Mr. Merchant

I do not want to labour the point, but I do not think that the hon. Gentleman entirely appreciates how the ASA works in practice. I was very involved in the advertising industry and had experience of the ASA. The ASA's latest publication, which deals with its research on this subject, says that companies whose advertising is found to be unacceptable or questionable will be asked to make any necessary amendments. I appreciate that that does not have the force of law, but does the hon. Gentleman not accept that in practice, the ASA's authority is extremely strong in the advertising industry? In 99 per cent. of cases, what it decides to do will be followed by the industry.

Mr. Michael

The hon. Gentleman destroys his own case by the words that he quotes. The ASA says that companies "will be asked" to change their advertising. In view of the wording used in advertisements to which I have referred and the motivation of people who would be willing to put such advertisements in public periodicals, I do not believe that such people will respond to being asked rather nicely to amend the wording that they use. That is simply not good enough.

If the hon. Gentleman's own words are not sufficient to destroy his case, I quote again the very specific and authoritative statement by the chairman of the ASA. He says: It is important to be clear that the Advertising Standards Authority is not in a position to ban such advertisements. That is absolutely clear and specific.

Sir Michael Shersby

I am very sympathetic to the hon. Gentleman's line of argument. Does he agree that many of the advertisements for these horrible knives appear in fringe magazines of one kind and another, which probably never even cross the doorstep of the Advertising Standards Authority, but which are circulated to groups of people whom the advertisers believe will buy the product?

Mr. Michael

The hon. Gentleman is absolutely right. In a conversation that I had with members of the Advertising Standards Authority, they commented on the vast amount of advertising there is and said that it was totally impossible to monitor all of it. It is impossible for them to monitor all mainstream advertising, never mind the fringe periodicals to which the hon. Gentleman refers He is precisely right.

There are vulnerable people who can easily be encouraged in the culture of violence and the knife culture, which give rise to such concern. We are talking about a fringe activity, not about an activity involving masses of people. However, it is those who are vulnerable in some ways and who can become dangerous in other ways if their predilections are encouraged who are the target of fringe advertising. That advertising is my target in the amendment. The hon. Members for Uxbridge (Sir M. Shersby) and for Sutton and Cheam are, I believe, sympathetic to that point.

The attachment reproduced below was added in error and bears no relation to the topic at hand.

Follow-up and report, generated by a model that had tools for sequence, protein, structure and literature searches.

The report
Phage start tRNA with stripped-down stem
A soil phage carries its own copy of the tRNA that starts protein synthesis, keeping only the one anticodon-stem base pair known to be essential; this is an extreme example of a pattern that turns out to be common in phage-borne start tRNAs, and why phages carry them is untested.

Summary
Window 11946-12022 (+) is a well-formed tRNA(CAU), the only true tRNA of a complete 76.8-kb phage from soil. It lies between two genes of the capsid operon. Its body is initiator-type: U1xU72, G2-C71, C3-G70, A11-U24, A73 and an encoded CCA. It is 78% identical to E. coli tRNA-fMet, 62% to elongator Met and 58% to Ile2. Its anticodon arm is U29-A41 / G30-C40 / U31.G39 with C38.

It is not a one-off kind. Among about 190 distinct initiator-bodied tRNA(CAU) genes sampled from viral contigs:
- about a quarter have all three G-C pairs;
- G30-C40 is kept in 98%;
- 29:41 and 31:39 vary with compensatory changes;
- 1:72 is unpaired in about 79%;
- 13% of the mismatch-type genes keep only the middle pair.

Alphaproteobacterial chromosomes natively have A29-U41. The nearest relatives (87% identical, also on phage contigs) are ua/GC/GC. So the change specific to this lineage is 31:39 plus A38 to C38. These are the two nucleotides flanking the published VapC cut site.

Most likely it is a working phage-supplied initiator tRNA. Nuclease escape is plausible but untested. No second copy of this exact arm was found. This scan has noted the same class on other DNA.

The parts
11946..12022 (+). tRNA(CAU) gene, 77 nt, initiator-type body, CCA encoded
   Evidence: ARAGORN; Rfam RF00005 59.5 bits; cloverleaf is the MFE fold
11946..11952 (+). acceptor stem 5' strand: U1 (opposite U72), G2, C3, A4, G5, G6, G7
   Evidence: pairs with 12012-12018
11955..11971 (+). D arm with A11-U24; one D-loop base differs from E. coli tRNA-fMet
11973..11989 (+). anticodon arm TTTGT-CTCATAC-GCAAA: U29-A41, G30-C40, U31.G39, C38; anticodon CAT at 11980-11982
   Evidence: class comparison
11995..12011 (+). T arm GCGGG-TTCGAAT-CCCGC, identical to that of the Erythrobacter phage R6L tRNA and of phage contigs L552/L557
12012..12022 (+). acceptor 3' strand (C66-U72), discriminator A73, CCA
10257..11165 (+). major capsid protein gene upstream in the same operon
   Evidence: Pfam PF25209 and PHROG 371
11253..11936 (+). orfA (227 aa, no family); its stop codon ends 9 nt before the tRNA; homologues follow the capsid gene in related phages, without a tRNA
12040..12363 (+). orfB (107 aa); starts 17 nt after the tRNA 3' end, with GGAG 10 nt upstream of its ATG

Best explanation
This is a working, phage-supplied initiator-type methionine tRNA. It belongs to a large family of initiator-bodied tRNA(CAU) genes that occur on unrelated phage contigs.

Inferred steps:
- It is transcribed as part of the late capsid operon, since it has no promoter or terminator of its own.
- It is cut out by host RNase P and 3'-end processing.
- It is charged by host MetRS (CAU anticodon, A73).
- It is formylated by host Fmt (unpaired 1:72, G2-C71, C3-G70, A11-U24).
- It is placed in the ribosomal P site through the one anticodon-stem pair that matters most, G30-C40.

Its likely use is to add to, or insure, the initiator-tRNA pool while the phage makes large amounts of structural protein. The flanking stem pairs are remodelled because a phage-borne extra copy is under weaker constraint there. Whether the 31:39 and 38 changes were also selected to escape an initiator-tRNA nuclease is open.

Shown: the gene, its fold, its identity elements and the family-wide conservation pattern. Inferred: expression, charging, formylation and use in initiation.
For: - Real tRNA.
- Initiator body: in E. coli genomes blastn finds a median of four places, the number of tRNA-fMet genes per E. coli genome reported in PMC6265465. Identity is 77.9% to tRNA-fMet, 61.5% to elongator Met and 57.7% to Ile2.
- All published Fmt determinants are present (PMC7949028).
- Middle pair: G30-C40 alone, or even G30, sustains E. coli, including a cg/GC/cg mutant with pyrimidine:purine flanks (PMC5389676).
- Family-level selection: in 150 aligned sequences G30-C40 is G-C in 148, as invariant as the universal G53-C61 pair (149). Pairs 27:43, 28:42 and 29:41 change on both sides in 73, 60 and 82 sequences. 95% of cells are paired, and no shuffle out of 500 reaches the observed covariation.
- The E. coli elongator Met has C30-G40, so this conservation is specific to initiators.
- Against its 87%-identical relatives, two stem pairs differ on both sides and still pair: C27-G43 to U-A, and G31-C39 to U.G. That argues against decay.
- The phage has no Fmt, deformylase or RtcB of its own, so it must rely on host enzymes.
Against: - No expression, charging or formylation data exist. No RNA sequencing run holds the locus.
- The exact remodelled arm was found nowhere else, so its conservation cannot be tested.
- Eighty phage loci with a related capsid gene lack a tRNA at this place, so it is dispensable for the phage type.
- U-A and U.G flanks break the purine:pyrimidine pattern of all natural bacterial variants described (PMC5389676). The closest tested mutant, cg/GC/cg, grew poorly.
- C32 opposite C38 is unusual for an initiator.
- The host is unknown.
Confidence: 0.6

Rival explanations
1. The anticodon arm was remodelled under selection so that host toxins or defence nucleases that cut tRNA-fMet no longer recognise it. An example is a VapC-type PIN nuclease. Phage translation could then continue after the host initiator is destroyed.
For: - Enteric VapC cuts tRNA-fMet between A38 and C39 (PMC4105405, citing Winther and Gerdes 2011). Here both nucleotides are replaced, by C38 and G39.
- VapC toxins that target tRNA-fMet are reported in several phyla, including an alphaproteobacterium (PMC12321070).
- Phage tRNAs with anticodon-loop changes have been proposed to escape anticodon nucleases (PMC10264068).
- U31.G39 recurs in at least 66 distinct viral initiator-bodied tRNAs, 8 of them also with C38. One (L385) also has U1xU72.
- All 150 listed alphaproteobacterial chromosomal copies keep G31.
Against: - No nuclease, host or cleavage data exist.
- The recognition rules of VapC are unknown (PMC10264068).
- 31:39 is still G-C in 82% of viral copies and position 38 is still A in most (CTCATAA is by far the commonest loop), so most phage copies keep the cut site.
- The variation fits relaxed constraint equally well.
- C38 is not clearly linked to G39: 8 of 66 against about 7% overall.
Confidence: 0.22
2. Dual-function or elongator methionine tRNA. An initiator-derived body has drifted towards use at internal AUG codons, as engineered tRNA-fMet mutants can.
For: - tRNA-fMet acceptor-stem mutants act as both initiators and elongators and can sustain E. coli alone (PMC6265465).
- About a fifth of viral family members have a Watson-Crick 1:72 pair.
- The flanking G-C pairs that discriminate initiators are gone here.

If we were talking about advertisements that appear in major, large-circulation periodicals, there would be no great difficulty, because the pressure of the ASA would discourage them from continuing to accept such advertisements. However, the hon. Member for Uxbridge is absolutely right to say that that is not the target of the amendment. But without the amendment, as Lord Rodgers made clear, the target that we have in mind cannot be tackled by the ASA.

In Committee on the Criminal Justice Bill in 1994, in response to a question of mine, the Minister of State, Home Office, the right hon. Member for Penrith and The Border (Mr. Maclean), said: The British code of advertising practice includes special provisions on the advertising of weapons so that advertisements for weapons, such as knives, neither condone nor incite violent behaviour". That is what the hon. Member for Beckenham was referring to, but we now know that the Minister was wrong, because the code cannot extend to the sort of fringe periodicals that are likely to do the damage, because they are circulated in the type of environment that encourages the knife culture.

11.30 am

The Minister of State continued: Where advertisements are found to contravene the codes, the Advertising Standards Authority can take steps to rectify the situation as appropriate."—[Official Report, Standing Committee B, 15 March 1994; c. 1357.] We now know that the powers of the ASA are not appropriate, but clearly at that time the Minister thought that something should be done about the matter, and erroneously believed that the ASA had the power to intervene. As I said, the ASA has made it clear that it does not have that capacity.

In March, I asked the authority what action it had taken on various advertisements referred to it by my hon. Friend the Member for Blackburn. The answer was simply that the matter had been referred to a working party. I do not see the point of referring a matter to a working party if the authority does not have the power to deal with those specific issues and the periodicals that advertise such items.

We would end up with a tougher code enjoining The Guardian and The Times in even stricter terms to observe the standards that they observe already. That is patently useless in tackling the development of the knife culture.

There are advertisements generally available in this country that find their way all too easily to impressionable young people, displaying illustrations of weapons that no one could reasonably want for legitimate purposes. They incite people to purchase such weapons for all the wrong reasons. Such advertising should be brought under control, and my amendment at least addresses that specific problem.